Sawyer: You have talked about beginning withdrawals in four to six months. Everyone would like to know, what would you propose that we do if suddenly it looks like a complete conflagration? What is the Democratic plan in the event of that?
Pelosi: First of all, [it is] the president's war. He's the one without a plan. But what we have suggested to the president over and over again and that which he has ignored is that you have to have diplomatic and political initiatives in addition to military ones.
The decisions that have been made by the administration have not taken us away from chaos. They have drawn us into it. This is not an obligation of the American people in perpetuity.
Sawyer: Can you fathom any circumstance under which you would say, "No, leave troops there?"
Pelosi: Well, you always evaluate circumstances as they are a threat to the United States and what we do must make the American people safer, not weaken our military, and bring stability to the region.
What the president is doing fails on all three scores.
Sawyer: You must have to meet with families of those who have fallen in Iraq. What do you say when they ask, "Are you saying they died in vain?"
Pelosi:Of course not. I just had the privilege of meeting with the family of a young man that received the Congressional Medal of Honor. He jumped on a hand grenade and saved the lives of other young people in his unit.
And words are inadequate, of course, to console a family. They're very proud, of course, of their son, as we all are, and every single one of the young people, now over 3,000 who have given their lives in Iraq.
No, they did not die in vain. We appreciate what they have done. We applaud them and salute them for their valor, for their patriotism, and the sacrifice they are willing to make.
We just believe that the policy must be change. It's not about them. It's about the president and his policy.
Sawyer: One hundred hours in, do you think the fact that you're female is --
Pelosi: I'll be very honest with you, I didn't realize how much thirst there was for a change, for a change to say that women can do any of these jobs. Interestingly, fathers of daughters have been so excited about the prospect for their daughters.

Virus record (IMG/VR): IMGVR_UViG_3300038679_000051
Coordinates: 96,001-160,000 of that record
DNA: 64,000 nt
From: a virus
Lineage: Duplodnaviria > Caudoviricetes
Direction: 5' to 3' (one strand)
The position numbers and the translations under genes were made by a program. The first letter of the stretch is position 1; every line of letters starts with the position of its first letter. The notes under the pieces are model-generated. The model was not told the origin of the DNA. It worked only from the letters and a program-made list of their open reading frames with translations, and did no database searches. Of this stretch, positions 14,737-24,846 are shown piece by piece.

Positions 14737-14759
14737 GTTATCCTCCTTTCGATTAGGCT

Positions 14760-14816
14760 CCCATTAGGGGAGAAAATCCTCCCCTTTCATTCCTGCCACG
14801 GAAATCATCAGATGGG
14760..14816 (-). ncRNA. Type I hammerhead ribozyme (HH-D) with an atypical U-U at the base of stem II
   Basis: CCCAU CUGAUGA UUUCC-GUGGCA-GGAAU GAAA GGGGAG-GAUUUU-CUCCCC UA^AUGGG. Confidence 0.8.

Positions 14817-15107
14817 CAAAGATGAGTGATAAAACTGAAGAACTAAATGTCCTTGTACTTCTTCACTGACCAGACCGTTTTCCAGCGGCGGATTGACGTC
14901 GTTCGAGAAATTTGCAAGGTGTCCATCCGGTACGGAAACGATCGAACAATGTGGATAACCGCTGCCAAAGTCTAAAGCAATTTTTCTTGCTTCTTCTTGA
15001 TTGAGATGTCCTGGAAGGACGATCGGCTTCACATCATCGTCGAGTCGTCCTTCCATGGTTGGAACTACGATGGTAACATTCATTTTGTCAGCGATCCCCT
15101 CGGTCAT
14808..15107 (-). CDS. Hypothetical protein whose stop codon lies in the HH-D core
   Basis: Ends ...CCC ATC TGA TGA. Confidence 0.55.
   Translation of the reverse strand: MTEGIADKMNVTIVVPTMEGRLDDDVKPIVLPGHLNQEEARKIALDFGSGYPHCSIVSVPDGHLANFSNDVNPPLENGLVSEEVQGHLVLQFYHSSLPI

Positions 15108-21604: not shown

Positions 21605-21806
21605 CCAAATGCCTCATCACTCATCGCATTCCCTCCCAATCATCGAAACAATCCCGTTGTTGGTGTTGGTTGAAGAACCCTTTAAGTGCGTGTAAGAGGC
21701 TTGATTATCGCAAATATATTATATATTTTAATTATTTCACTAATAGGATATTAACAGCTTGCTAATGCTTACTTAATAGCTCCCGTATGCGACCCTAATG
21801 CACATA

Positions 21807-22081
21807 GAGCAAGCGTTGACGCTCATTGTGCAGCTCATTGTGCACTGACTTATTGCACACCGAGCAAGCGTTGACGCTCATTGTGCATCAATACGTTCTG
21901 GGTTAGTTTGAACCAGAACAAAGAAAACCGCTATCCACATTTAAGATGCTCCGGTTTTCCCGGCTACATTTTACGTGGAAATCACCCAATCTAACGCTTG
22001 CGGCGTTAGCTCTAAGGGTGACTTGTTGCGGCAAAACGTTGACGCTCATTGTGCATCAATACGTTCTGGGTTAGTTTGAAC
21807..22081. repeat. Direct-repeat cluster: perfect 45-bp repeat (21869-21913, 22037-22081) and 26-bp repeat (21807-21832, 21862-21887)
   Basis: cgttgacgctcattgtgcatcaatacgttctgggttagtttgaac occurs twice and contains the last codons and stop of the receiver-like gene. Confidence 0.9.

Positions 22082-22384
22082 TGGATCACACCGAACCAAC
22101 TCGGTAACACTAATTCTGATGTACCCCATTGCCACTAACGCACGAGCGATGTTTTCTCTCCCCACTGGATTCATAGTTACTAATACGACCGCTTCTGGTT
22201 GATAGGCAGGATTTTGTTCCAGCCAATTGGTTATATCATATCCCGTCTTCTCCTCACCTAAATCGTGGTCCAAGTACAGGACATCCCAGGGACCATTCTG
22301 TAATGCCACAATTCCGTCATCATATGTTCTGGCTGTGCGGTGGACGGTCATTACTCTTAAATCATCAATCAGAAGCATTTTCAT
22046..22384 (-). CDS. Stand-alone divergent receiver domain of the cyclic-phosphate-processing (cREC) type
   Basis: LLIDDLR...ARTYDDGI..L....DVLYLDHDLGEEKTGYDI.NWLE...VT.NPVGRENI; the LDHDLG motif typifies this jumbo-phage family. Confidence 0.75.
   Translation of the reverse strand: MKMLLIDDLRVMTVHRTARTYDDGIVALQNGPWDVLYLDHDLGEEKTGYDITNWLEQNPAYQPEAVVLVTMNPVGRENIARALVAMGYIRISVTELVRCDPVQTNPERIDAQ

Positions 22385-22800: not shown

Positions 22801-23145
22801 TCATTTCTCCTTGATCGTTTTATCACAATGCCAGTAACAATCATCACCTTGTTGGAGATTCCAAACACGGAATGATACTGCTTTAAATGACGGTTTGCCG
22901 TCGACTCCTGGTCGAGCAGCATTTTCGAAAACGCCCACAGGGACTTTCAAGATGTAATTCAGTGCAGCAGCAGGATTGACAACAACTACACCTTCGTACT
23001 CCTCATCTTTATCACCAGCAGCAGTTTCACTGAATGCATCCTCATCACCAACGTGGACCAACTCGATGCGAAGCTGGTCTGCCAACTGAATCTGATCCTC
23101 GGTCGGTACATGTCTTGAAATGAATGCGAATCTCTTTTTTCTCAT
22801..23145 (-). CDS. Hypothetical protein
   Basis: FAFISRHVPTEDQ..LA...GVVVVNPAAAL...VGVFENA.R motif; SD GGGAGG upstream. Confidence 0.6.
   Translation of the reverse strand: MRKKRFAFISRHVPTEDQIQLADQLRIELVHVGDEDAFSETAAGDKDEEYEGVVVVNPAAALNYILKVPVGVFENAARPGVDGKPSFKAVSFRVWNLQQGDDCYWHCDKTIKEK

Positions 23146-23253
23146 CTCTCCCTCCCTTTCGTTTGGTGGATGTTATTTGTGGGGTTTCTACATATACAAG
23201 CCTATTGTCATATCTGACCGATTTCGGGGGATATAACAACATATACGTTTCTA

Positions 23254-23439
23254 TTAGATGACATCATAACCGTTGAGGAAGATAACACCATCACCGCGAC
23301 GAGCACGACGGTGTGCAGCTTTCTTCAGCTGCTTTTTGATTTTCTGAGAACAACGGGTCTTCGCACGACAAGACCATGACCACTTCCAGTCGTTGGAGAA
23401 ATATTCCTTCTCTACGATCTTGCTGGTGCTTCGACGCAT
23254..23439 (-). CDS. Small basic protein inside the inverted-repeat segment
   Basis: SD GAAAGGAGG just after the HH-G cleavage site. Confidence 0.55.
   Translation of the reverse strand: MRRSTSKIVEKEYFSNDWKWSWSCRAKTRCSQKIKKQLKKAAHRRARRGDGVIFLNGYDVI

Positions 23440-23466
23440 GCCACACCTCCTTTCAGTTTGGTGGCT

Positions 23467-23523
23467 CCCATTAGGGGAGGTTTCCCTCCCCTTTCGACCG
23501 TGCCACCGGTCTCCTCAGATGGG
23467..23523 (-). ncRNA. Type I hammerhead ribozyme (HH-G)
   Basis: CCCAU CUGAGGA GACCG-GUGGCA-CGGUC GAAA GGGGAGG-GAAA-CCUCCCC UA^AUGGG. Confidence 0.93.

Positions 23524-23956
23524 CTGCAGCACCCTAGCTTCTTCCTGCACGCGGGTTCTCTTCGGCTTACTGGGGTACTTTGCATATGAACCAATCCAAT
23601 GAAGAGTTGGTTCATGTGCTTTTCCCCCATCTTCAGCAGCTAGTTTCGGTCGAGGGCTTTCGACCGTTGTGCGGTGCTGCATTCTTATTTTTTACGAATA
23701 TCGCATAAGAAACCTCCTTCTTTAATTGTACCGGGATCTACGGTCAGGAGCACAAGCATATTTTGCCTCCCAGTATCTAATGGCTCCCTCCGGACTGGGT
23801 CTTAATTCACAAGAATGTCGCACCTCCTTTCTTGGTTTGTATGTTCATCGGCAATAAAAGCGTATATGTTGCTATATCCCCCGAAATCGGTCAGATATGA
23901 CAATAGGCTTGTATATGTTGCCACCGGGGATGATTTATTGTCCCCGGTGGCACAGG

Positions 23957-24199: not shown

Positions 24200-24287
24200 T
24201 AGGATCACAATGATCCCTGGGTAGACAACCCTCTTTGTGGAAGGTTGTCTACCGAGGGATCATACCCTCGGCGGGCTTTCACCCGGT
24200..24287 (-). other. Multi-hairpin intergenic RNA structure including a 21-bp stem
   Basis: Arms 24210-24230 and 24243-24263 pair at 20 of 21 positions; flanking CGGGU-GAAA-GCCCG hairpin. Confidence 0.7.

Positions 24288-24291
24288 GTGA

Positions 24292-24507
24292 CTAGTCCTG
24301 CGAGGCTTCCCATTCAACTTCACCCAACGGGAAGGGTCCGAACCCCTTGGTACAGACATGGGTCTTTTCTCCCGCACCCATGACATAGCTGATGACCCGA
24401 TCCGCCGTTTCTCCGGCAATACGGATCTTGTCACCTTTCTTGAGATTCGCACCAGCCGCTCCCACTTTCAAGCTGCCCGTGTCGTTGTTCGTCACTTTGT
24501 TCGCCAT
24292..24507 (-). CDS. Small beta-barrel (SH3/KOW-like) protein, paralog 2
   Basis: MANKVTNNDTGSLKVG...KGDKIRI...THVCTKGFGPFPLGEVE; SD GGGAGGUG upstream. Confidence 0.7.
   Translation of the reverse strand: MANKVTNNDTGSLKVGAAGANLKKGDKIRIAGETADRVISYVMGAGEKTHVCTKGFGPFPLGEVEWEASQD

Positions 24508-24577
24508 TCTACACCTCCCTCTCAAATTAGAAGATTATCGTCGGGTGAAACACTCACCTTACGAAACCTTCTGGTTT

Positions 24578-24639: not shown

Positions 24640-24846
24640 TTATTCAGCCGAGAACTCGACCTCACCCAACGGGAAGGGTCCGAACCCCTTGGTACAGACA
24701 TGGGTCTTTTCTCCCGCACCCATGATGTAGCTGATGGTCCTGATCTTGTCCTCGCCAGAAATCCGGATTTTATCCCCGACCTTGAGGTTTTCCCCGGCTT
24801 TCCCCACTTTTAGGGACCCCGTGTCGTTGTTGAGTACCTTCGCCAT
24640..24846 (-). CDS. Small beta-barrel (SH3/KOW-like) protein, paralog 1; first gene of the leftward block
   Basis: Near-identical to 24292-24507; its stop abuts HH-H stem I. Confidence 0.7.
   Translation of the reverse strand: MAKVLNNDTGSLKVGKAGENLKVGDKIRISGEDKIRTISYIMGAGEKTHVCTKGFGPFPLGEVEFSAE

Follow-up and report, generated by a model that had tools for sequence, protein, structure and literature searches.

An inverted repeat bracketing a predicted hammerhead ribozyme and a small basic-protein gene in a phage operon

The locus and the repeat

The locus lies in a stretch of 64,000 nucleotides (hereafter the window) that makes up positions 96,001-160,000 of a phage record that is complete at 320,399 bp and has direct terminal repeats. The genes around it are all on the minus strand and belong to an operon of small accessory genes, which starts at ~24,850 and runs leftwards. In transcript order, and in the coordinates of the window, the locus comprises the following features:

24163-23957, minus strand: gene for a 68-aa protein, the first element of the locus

Women waited, but not just waited, they worked all that time to get full equality in our country, and breaking this marble ceiling, I think, make's the sky the limit for young girls and women. They can do whatever they want. This marble ceiling is a pretty tough ceiling to break.
Sawyer: Here it is. … I wondered how long before it was coming. Clothes, somebody writes about clothes. Now, do you say, "Oh, give us a break?" Does it just seem inevitable to you that somebody, if it is female, is worried about clothes?
Pelosi: Clothes and hair.
Sawyer: Clothes and hair.
Pelosi: Clothes and hair. You know what? I don't have any time to think about it, I really don't. But if that's what draws people to pay attention to what's happening in politics, that's OK with me, because important decisions are being made here that affect people's lives and whatever draws them to it makes the process more legitimate and wholesome.
I do believe that women's involvement in the political process and in government is the single most important factor in making government more wholesome, more relevant to the lives of the American people, and more ready for change.